Pfenex partnered with Hospira to develop PF582, an antibody fragment copycat of Genentech’s wet AMD drug Lucentis (ranibizumab) last night. The deal earned the San Diego, US-based firm $51m (€45m) upfront, a potential $342m in milestones and royalties on future sales.
Spokeswoman Cassidy Cantin told BioPharma-Reporter.com “Hospira is now responsible for completing the clinical development of the product. Following technology transfer to Hospira in 2015 we expect the Phase 3 clinical trial to begin in 2016.”
News of the PF582 accord came days after Pfizer announced it planned to buy Hospira for $17bn, citing the firm’s standing in the biosimilars sector as one of the major reasons for the deal.
Cantin confirmed that: “Pfizer was aware of this transaction and has publicly stated its excitement regarding Hospira’s recombinant protein biosimilars pipeline.”
She added that: “Pfizer brings significant economic and commercialization resources to this program and we believe this only enhances the potential for success.”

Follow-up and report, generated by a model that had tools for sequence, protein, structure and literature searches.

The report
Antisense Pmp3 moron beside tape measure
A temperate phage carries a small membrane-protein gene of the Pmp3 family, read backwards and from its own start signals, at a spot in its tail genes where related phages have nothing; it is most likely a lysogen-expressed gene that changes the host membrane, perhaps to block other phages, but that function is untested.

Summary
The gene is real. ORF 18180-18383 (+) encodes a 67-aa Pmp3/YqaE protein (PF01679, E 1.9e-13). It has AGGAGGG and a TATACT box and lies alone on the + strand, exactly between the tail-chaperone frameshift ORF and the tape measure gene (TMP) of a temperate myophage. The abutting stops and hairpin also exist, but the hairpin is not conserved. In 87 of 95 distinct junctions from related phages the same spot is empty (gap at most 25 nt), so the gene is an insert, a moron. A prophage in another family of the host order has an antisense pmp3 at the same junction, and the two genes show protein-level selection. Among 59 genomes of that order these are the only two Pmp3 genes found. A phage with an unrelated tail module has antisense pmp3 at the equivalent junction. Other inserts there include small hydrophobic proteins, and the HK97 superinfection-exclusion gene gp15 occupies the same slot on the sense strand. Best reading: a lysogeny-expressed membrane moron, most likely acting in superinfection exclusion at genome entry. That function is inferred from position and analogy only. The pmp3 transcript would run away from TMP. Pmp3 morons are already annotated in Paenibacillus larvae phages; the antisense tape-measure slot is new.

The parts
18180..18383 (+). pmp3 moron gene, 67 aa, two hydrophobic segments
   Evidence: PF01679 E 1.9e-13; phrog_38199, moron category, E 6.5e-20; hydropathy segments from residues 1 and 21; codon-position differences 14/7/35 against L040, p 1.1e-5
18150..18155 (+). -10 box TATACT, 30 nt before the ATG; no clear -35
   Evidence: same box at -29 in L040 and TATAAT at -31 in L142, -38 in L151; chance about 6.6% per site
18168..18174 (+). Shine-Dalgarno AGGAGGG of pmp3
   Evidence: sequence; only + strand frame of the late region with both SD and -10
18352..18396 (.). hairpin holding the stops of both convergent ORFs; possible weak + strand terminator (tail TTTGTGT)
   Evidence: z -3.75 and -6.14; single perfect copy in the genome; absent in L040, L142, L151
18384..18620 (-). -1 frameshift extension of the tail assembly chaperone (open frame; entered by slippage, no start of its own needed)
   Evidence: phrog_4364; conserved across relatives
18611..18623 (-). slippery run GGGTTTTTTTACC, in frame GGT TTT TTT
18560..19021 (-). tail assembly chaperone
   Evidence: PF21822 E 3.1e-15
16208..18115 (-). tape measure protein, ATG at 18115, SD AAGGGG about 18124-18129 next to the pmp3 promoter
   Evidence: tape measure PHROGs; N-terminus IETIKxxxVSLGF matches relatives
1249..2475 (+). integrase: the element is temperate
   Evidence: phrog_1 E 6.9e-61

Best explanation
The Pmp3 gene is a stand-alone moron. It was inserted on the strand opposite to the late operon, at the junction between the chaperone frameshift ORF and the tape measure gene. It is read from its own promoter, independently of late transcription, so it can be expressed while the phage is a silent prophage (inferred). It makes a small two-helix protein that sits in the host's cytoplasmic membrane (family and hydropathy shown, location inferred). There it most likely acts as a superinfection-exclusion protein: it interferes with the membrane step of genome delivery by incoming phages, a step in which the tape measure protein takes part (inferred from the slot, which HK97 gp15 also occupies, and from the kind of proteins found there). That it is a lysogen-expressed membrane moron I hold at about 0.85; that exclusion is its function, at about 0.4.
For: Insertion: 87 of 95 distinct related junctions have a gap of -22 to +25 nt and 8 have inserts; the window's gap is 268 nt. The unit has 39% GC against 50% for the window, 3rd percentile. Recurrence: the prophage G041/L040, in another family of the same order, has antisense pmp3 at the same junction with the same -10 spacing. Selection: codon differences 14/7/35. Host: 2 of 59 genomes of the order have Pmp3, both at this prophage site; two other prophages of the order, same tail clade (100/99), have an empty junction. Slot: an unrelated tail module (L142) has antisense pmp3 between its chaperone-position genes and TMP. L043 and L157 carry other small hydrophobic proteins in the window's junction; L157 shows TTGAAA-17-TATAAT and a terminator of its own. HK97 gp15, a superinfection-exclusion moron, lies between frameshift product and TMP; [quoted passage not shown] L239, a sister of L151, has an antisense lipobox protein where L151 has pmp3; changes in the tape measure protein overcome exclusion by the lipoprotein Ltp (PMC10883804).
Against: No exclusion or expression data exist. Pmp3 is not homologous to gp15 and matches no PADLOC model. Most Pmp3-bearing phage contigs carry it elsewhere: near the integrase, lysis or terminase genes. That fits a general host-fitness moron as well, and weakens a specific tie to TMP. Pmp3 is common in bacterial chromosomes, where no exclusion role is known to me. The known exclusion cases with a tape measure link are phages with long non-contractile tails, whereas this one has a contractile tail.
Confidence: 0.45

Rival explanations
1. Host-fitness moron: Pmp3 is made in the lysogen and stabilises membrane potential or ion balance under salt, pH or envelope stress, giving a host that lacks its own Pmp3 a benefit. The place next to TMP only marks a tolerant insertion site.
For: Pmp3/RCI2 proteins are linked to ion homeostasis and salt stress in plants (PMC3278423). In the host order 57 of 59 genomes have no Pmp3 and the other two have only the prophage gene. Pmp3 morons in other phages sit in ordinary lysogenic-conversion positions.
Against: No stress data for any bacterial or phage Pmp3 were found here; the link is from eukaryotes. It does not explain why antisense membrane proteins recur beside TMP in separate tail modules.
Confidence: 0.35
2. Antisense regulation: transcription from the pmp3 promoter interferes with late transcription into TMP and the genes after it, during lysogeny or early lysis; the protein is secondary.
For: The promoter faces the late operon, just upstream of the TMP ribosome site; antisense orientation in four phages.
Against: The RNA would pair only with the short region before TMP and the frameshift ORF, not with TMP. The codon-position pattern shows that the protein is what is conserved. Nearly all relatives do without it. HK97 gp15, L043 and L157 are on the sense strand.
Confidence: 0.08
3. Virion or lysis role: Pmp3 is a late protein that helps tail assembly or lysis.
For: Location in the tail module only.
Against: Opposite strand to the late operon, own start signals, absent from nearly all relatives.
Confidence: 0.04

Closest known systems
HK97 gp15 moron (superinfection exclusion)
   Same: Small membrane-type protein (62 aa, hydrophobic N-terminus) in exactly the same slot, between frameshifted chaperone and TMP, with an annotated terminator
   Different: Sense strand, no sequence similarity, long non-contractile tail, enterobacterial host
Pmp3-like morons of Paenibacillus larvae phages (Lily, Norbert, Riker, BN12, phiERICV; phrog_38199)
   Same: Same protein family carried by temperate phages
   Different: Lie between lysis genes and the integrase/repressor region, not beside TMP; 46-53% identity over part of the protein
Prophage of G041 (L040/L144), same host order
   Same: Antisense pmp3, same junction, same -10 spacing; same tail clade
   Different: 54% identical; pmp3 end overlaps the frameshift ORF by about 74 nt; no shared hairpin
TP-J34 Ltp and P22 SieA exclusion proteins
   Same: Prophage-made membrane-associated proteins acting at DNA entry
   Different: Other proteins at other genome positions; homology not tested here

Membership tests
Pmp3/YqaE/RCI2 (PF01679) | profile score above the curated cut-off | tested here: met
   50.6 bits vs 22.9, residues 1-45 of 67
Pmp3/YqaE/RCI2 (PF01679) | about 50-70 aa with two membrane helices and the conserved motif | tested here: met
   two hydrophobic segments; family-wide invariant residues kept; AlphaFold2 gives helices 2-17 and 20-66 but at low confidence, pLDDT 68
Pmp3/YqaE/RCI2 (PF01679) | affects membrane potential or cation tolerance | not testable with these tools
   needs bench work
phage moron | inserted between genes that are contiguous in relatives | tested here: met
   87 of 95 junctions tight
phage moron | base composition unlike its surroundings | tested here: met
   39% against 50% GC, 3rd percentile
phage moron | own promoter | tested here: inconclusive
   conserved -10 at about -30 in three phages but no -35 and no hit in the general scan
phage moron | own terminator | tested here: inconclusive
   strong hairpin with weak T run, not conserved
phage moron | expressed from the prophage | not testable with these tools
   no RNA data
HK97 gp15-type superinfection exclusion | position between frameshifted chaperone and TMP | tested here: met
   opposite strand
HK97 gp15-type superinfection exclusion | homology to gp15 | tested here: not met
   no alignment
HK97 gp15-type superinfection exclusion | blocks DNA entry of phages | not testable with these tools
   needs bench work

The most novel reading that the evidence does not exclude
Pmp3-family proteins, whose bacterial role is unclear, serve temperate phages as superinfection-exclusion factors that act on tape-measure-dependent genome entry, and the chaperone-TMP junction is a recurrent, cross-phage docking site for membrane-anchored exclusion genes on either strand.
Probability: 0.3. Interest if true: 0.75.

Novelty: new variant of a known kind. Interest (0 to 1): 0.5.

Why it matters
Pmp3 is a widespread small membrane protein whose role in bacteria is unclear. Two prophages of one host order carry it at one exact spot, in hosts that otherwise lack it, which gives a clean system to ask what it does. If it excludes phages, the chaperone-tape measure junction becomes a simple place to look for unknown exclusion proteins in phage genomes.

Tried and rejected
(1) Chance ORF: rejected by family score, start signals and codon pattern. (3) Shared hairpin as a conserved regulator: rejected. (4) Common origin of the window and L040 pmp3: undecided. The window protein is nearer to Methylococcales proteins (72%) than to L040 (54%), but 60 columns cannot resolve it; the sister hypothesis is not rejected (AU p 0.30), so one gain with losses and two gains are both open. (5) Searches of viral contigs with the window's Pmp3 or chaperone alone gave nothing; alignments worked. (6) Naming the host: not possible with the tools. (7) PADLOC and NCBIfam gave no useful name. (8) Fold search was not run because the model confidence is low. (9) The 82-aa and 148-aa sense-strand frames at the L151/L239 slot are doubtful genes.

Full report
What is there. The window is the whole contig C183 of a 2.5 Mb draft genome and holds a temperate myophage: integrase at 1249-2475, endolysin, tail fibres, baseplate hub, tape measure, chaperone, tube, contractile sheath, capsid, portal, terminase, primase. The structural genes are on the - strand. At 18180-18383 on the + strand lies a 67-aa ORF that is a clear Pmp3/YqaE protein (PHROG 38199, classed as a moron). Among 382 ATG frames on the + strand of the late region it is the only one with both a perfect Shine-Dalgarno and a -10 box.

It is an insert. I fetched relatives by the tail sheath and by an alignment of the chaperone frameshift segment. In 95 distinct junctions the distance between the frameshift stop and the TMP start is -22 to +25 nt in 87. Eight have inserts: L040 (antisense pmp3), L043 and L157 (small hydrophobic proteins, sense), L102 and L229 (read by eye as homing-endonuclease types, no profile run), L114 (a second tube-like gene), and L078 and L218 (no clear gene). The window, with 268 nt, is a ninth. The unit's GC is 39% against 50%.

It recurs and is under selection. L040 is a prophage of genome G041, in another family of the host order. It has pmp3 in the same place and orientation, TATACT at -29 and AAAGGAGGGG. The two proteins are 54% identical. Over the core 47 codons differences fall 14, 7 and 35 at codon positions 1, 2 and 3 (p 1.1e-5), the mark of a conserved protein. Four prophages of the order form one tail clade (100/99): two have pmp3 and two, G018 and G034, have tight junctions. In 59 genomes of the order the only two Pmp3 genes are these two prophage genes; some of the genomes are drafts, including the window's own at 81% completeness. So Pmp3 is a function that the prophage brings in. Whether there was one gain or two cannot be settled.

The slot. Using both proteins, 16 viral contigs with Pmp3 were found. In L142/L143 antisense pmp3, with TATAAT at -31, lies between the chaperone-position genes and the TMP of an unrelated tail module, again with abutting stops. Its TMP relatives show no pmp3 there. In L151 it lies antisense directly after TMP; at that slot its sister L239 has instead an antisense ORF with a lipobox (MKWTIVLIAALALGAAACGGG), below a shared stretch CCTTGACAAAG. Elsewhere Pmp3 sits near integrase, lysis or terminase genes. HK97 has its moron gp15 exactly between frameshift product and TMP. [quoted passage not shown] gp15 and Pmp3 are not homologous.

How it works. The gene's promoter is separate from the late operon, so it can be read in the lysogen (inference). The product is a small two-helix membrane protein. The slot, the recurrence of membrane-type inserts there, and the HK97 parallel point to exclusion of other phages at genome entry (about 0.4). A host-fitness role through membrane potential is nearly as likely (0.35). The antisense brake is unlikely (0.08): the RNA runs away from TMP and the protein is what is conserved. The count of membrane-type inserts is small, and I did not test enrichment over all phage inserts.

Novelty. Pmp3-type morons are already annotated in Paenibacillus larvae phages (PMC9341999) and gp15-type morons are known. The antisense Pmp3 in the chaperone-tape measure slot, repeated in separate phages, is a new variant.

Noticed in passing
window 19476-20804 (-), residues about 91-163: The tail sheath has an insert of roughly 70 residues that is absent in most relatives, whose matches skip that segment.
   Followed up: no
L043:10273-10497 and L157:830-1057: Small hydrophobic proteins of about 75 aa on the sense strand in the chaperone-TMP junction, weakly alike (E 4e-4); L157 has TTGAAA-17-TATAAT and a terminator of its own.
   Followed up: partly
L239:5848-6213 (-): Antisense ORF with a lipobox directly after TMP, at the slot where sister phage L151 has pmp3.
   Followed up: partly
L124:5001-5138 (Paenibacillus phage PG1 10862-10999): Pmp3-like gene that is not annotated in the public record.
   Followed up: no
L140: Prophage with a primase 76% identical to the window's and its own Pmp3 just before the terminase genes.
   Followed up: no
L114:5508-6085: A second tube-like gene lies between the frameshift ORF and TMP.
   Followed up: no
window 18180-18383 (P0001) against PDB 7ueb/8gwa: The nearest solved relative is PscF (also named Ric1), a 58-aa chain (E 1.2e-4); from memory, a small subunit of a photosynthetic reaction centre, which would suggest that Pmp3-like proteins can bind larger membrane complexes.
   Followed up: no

Pfizer was more cautious telling us “we expect to better understand Hospira’s biosimilar programs in the coming months. Given where we are in the process, it would be premature to comment further.” The firm also reiterated that the Hospira takeover is subject to shareholder approval.
We asked Roche, Genentech's owner, what impact a Pfizer-backed Lucentis rival will have on the market but the Swiss firm told us "we do not speculate or comment on actions of other companies."
Pipeline and platform
Candidates in Pfenex’s pipeline are produced using its Pseudomonas fluorescens-based production platform, which was originally developed by Mycogen and then by Dow following its acquisition of the latter in the 1990s.
Other biosimilars include versions of Roche’s Pegasys, Pfizer’s Genotropin, UCB’s Cimzia and Sigma-Tau’s Oncaspar and Bayer’s Betaseron that Pfenex is developing with Agila Biotech. The firm also has an agreement with Ranbaxy to work on an undisclosed copycat biologic.
William Blair analyst John Sonnier welcomed Pfenex’s agreement with Hospira, suggesting it cuts the newly public firm’s capital risk.
He also cited the Pfizer deal and US regulatory developments as an illustration of the growing importance of biosimilars and the companies like Pfenex that develop them in the world’s largest pharmaceutical market.